I teach English, because I want to help people learn to communicate better with one another. English is the language of international communication, by and large, and I want my students to be able to join in that culture. At the same time, I realize that English has a privileged position in the world, and that this position was not necessarily won on the merits of the language or the kind nature of its speakers. A lot of blood has been spilled, and a lot of cultures have been lost in the process of bringing English to every corner of the globe. In doing this, am I building up my own language and culture at the expense of others? People all over the world want to learn English, but in teaching them, am I helping to maintain the dominant power dynamic?
Am I a dick?
Although I teach English, and I’m going through a degree program to get better at that, I don’t think this is an easy question to answer. Some language teaching really does weaken other languages. Languages really are dying out, and ways of knowing the world are being lost in the process. In order to examine this question, I think we need to differentiate English language education types.
Current literature describes very different teaching techniques for different environments. In an additive environment, students are in no particular danger of losing their first language. They are surrounded every day by their native language, and instruction in the second language couldn’t possibly make a dent. English teaching in Japan, where I live, is in an additive environment; the students are not going to lose their Japanese, and the importance of Japanese is constantly reinforced all around them. Students at Katou Gakuen receive around half of their instruction in English, with no detriment to their Japanese skills, academic skills, or identity as Japanese. In fact, their figures show that students in their bilingual education program have a greater sense of Japanese identity as well as greater intercultural sensitivity.
A subtractive environment is very different: Cantonese speaking kids who move to Michigan will have almost no chance to use their first language or develop higher-level cognitive faculties in their first language, which seems to slow their overall academic progress. For these students, it’s absolutely essential that they receive some form of instruction in their native language, even as they develop conversational fluency in the L2. Techniques like submersion (often wrongly called immersion), in which the student is given no opportunity to use the L1, are hugely detrimental to students’ cognitive abilities, language development, and self-image.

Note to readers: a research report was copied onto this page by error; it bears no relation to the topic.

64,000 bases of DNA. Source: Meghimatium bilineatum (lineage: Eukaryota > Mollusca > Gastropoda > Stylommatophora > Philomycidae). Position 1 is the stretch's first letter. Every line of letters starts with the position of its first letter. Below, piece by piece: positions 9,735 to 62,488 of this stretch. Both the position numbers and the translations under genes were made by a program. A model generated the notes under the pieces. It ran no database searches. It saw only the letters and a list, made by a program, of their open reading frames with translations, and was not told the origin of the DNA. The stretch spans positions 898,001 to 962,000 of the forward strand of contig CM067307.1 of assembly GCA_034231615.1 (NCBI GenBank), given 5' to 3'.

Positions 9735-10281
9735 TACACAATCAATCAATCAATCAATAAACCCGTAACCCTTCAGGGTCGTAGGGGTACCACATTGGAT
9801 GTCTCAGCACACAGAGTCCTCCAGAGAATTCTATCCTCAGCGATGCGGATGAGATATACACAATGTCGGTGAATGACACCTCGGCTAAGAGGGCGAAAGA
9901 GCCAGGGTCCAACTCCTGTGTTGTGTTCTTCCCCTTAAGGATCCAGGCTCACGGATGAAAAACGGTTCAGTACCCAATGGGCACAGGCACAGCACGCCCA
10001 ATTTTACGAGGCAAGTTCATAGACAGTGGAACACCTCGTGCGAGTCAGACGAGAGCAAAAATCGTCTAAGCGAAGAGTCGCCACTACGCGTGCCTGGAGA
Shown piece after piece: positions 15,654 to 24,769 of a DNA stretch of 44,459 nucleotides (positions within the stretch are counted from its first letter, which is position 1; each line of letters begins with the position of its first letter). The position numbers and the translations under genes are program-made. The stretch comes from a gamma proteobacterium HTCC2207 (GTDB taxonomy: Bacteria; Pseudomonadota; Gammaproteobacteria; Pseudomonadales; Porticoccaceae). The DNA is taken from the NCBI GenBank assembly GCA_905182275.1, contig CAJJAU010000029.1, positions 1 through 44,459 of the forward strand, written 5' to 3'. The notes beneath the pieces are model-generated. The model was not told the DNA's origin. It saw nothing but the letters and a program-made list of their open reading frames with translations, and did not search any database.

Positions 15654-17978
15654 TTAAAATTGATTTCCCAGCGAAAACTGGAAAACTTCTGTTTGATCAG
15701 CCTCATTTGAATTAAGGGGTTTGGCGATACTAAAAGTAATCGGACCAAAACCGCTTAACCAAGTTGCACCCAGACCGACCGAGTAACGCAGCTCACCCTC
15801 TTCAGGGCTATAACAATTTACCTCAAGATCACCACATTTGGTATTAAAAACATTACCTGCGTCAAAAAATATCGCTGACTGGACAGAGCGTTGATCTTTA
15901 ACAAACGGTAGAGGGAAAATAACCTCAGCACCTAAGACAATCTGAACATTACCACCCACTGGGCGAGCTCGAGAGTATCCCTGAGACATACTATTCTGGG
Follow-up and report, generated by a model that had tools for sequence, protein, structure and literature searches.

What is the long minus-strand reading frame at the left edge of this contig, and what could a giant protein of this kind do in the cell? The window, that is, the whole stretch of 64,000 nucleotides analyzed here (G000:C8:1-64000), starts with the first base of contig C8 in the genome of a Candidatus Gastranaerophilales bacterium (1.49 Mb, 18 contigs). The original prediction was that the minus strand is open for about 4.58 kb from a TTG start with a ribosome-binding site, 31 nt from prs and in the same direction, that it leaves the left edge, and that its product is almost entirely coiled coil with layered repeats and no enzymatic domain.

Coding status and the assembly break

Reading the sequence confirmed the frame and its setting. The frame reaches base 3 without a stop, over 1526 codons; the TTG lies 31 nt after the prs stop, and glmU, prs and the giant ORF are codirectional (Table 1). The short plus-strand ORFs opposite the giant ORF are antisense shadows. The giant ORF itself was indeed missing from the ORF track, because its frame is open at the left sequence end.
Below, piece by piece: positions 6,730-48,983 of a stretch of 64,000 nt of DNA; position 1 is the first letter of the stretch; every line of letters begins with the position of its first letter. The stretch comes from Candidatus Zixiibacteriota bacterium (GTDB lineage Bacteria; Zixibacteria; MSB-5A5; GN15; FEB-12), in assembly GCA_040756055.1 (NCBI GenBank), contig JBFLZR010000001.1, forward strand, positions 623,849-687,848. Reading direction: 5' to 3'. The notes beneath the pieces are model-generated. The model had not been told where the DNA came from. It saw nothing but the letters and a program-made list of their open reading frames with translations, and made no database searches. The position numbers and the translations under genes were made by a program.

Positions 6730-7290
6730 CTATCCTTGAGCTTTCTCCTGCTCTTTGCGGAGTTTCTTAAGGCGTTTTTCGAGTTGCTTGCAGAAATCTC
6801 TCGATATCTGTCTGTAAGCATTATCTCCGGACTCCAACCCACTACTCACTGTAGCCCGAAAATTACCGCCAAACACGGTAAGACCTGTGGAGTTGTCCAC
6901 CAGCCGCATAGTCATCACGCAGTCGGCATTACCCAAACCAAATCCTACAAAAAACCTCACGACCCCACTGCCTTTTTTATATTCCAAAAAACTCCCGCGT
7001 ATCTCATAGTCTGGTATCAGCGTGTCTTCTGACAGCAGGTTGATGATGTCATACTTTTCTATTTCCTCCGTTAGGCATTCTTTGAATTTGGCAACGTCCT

Teaching English in Japan, Taiwan, or Korea isn’t going to endanger anyone’s first language. But even though sending a Japanese kid to Eikaiwa won’t ruin his Japanese language skills, there are certainly cultural concerns. It’s vital that teachers treat the students’ L1 with respect, and value the student as a bilingual speaker of the language. Teachers should hold up fluent non-native speakers as role-models, and hold up English not as the language of native speakers, but as a common lingua franca. Dialects such as Singlish should be valued in the classroom. A teacher, in sharing culture, needs to avoid making normative claims about what should or should notbe, but must also be prepared to present information about the cultural practices of their own and other countries.
To put it on a more personal level, I approach teaching English to Japanese people with a few ideas in mind. First, code-switching and code-mixing are normal, near-universal languaging processes. I use Japanese very occasionally as a support, and I allow my students to ask me questions in Japanese if necessary. I try to teach them how to talk about and explain their culture in English, including how to introduce Japanese words into an English conversation. I tell them about American cultures, how they differ, and how they can navigate life abroad while maintaining a Japanese identity. I teach them what it means to be Japanese in Europe, or the US, or Canada, based on conversations I’ve had with Japanese returnees from abroad. I teach them that their English, though different from mine, has value, and can be used to communicate. I hold up non-native fluent speakers of English, like those returnees, as role-models. I ask my students to teach me about Japan using their English, because I want them to develop the skills necessary to express their culture in English.
TL;DR English doesn’t belong to native speakers anymore. Modern English teaching should hold up non-native English as valuable and worthy, and respect the cultures and languages of students. It is the teacher’s job to provide students with English education that helps them fulfill their goals and become more aware of their own culture.
If you’re interested in reading more about these issues, I highly recommend:
García, O. (2011). Bilingual education in the 21st century: A global perspective. Wiley. com.
Baker, C. (2011). Foundations of bilingual education and bilingualism (Vol. 79). Multilingual matters.